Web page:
For the past few weeks workers have been attacking a 100 ton hunk of slag that was discovered at the Port of Rochester last spring. Yesterday I noticed the giant plume of smoke from the O’rorke Bridge and made my way down to the scene of this epic battle. When the dust settles, who will remain standing? Man? Or The Slag?
David DiPonzio, a firefighter with the Lake Shore Fire District in Greece, sent me these photos (taken by friend Fred Amato) of a strange-looking crater in the middle of the parking lot at Ontario Beach Park. An asteroid? Uh, not quite. This may be the most interesting archeological find since RGRTA dug up the RKO Palace. That big rock you see in the center of the crater is actually a giant hunk of slag – left over from the iron or steel mill that once operated here…
There are several insanely awesome events going on this weekend from the East End Fest to the Rally for Roc City Skate Park at High Falls. All very worthy and worthwhile. But there’s one that deserves a mention because of what it represents for our community.
Bill Moran of WCMF has set up a last minute family picnic and concert at Charlotte Beach to answer the beach park brawl that took place there last weekend on Memorial Day. The idea for Bill Moran came after the fights at Ontario Beach Park Monday night and the calls he got from his listeners. “One that stuck in my head is a guy that lives on Latta Road. This is his back yard and he said I’d rather drive 40 minutes to Sodus than come here. Let’s not be bullied out of here. The sum of our families is greater than the people who make bad decisions.”
He’s calling it “Rockin’ the Beach” — a park-wide picnic with lives bands and face painting for kids. See the event details on Facebook and RSVP to let your friends know you’ll be there.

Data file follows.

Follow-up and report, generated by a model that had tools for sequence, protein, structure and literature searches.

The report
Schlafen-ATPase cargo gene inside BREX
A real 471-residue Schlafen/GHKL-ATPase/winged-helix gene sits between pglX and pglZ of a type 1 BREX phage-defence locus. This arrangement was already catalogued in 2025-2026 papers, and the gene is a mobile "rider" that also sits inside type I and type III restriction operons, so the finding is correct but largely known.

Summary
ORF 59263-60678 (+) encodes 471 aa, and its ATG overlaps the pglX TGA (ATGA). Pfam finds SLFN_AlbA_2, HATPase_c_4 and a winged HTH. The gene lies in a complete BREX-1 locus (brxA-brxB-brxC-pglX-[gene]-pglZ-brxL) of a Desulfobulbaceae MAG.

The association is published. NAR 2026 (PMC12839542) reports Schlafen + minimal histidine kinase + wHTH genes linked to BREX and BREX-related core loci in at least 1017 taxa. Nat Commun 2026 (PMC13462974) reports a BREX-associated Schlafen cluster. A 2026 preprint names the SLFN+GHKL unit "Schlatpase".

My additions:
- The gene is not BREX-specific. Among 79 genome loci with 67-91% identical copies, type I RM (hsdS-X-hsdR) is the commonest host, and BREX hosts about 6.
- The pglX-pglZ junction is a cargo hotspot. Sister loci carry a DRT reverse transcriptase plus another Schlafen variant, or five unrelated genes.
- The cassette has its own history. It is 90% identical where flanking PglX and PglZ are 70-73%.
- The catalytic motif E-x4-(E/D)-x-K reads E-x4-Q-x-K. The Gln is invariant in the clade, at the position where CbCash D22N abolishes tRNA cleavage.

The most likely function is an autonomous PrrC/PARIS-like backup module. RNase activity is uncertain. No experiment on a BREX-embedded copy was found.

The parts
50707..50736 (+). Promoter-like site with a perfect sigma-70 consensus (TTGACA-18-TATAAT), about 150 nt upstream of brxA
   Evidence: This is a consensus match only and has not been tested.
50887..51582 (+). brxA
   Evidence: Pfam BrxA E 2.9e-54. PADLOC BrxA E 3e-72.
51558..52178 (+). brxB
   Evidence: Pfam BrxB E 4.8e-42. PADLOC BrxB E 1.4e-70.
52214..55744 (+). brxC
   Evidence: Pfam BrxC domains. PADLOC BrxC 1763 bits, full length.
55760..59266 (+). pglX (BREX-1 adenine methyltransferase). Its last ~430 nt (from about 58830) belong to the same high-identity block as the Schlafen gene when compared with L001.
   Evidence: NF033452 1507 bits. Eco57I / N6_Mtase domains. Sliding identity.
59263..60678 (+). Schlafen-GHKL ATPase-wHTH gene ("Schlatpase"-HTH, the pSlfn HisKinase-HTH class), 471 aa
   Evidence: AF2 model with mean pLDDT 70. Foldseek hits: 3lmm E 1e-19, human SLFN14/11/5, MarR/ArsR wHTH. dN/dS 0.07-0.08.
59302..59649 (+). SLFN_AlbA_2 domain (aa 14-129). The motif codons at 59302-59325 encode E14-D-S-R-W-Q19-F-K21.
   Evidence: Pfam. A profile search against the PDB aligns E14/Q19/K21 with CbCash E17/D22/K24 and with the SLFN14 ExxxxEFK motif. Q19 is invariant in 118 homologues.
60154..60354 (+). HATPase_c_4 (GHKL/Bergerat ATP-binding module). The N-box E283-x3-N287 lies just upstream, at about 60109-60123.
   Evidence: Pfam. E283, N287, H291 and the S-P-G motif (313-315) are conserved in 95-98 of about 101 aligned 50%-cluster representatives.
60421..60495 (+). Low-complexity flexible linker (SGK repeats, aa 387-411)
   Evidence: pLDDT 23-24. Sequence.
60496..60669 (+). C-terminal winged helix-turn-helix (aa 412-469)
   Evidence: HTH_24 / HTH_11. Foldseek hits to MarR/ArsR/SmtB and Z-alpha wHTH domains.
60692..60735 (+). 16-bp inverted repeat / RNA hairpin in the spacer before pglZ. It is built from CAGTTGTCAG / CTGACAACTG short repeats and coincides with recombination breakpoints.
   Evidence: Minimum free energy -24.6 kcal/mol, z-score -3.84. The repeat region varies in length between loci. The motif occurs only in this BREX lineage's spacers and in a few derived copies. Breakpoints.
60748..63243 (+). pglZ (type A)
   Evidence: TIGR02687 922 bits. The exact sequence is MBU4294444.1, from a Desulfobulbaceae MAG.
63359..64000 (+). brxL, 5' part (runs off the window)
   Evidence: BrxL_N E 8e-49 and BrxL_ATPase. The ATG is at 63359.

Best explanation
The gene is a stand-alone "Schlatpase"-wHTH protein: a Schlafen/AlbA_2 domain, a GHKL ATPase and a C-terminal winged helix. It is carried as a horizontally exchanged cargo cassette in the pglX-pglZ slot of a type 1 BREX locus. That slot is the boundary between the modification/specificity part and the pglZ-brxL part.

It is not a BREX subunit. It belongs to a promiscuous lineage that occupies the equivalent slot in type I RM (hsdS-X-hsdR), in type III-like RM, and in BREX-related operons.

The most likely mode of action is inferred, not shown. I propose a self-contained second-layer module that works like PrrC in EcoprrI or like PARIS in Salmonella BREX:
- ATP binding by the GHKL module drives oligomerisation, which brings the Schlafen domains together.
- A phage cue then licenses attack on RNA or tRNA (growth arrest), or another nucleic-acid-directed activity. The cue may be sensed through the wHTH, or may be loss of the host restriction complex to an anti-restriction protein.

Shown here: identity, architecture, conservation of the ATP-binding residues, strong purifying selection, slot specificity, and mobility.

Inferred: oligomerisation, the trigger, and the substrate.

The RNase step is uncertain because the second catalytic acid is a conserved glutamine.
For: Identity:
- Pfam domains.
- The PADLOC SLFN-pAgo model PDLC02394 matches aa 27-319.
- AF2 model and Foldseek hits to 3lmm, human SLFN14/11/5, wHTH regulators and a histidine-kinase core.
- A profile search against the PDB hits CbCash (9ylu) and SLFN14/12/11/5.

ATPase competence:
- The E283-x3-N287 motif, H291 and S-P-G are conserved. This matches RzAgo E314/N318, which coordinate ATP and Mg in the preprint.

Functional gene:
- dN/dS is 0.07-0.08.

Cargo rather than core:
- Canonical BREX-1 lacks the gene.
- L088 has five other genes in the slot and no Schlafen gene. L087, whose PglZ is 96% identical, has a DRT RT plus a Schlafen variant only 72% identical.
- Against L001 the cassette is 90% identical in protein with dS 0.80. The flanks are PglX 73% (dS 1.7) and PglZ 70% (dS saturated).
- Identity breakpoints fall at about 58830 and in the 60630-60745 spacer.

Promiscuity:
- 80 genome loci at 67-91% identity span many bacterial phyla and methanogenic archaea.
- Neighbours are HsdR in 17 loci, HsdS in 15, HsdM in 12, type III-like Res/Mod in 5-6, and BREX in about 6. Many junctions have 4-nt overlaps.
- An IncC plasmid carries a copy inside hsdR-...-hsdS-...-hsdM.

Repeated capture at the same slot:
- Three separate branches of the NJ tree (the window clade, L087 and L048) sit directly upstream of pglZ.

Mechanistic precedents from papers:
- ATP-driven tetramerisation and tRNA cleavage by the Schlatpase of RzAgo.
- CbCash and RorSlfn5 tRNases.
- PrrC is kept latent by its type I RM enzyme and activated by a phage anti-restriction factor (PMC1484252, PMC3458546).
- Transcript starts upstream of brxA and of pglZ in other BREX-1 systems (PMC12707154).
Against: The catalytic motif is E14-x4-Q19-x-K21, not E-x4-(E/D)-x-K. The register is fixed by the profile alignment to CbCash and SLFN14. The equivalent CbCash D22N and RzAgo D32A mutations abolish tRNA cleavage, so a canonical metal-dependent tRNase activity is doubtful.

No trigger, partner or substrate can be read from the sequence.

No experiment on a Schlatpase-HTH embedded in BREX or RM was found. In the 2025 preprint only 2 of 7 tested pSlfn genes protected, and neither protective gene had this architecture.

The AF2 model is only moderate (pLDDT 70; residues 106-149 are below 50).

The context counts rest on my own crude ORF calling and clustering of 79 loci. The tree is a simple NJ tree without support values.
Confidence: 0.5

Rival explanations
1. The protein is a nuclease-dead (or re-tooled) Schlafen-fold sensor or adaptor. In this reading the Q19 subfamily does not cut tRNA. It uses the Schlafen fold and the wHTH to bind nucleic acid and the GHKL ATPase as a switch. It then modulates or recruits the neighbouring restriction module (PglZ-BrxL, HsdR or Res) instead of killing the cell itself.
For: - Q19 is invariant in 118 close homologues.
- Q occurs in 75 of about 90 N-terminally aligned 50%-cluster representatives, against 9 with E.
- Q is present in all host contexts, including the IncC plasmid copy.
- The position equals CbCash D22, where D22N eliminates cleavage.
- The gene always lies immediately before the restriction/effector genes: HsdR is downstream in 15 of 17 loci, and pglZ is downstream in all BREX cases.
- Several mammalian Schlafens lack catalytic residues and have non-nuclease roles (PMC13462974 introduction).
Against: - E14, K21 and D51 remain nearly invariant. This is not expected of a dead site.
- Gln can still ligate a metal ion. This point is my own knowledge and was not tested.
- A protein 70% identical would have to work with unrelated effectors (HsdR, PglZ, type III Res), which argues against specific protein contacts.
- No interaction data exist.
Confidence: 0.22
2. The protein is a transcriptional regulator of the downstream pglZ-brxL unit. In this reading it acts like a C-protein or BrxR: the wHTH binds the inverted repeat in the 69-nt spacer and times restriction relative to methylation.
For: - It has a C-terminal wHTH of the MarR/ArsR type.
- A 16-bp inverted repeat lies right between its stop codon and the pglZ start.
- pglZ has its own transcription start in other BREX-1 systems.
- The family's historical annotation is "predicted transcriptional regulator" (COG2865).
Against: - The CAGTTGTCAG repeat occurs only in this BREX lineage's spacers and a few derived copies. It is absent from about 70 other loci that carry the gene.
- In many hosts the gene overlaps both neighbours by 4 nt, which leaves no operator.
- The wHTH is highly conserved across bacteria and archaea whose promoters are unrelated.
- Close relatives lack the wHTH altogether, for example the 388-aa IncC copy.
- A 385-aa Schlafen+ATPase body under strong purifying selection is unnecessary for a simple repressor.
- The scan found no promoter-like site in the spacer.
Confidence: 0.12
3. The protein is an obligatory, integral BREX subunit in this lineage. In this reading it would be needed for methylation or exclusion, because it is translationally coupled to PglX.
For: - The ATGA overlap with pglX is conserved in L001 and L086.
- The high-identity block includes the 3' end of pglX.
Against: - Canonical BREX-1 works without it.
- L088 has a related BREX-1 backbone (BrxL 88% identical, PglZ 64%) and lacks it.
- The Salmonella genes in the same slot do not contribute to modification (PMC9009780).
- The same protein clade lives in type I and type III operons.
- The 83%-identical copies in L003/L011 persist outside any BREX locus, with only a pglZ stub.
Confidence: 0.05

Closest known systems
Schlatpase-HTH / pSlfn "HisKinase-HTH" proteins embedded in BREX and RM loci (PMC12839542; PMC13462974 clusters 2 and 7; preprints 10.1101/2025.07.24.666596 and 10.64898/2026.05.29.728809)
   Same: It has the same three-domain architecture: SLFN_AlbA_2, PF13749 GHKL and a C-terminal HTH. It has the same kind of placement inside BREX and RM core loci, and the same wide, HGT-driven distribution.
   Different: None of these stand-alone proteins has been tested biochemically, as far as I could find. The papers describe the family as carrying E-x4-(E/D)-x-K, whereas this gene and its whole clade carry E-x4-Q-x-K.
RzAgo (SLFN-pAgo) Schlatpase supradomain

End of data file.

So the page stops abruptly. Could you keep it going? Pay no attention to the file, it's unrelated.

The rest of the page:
If I said Rochester may one day have a rapid transportation system linking RIT to downtown Rochester and beyond, you might automatically think ‘light rail’. Think again. RochesterSubway.com recently discussed the future of Rochester’s transportation infrastructure with Richard Perrin, Executive Director of the Genesee Transportation Council and an AICP certified city planner.
NOTE: If you’ve got a question that we didn’t ask in our interview, please leave a comment at the end of this post and we’ll pass it along to Mr. Perrin who will do his best to answer it as time permits.
After the Erie Canal was rerouted south of downtown Rochester, the Rochester
Industrial & Rapid Transit Railway (the subway) was built in
its place as a link between the five different railroads and interurban trolley
lines that served the Rochester area. As the industrial landscape of Rochester
changed, and highways replaced the railroads, the Rochester subway gradually
became a relic of a bygone era. In 1956 the subway was abandoned and much of
its route was converted into Interstate 490 built to connect Rochester
with the New York State Thruway (I-90). Read more about the history of the Rochester Subway.
RochesterSubway.com exists to help spark
public dialogue around how we can better connect the neighborhoods of Rochester
NY, surrounding communities, and their cultural offerings. Rochesters
future is written in her past. Let's rediscover it.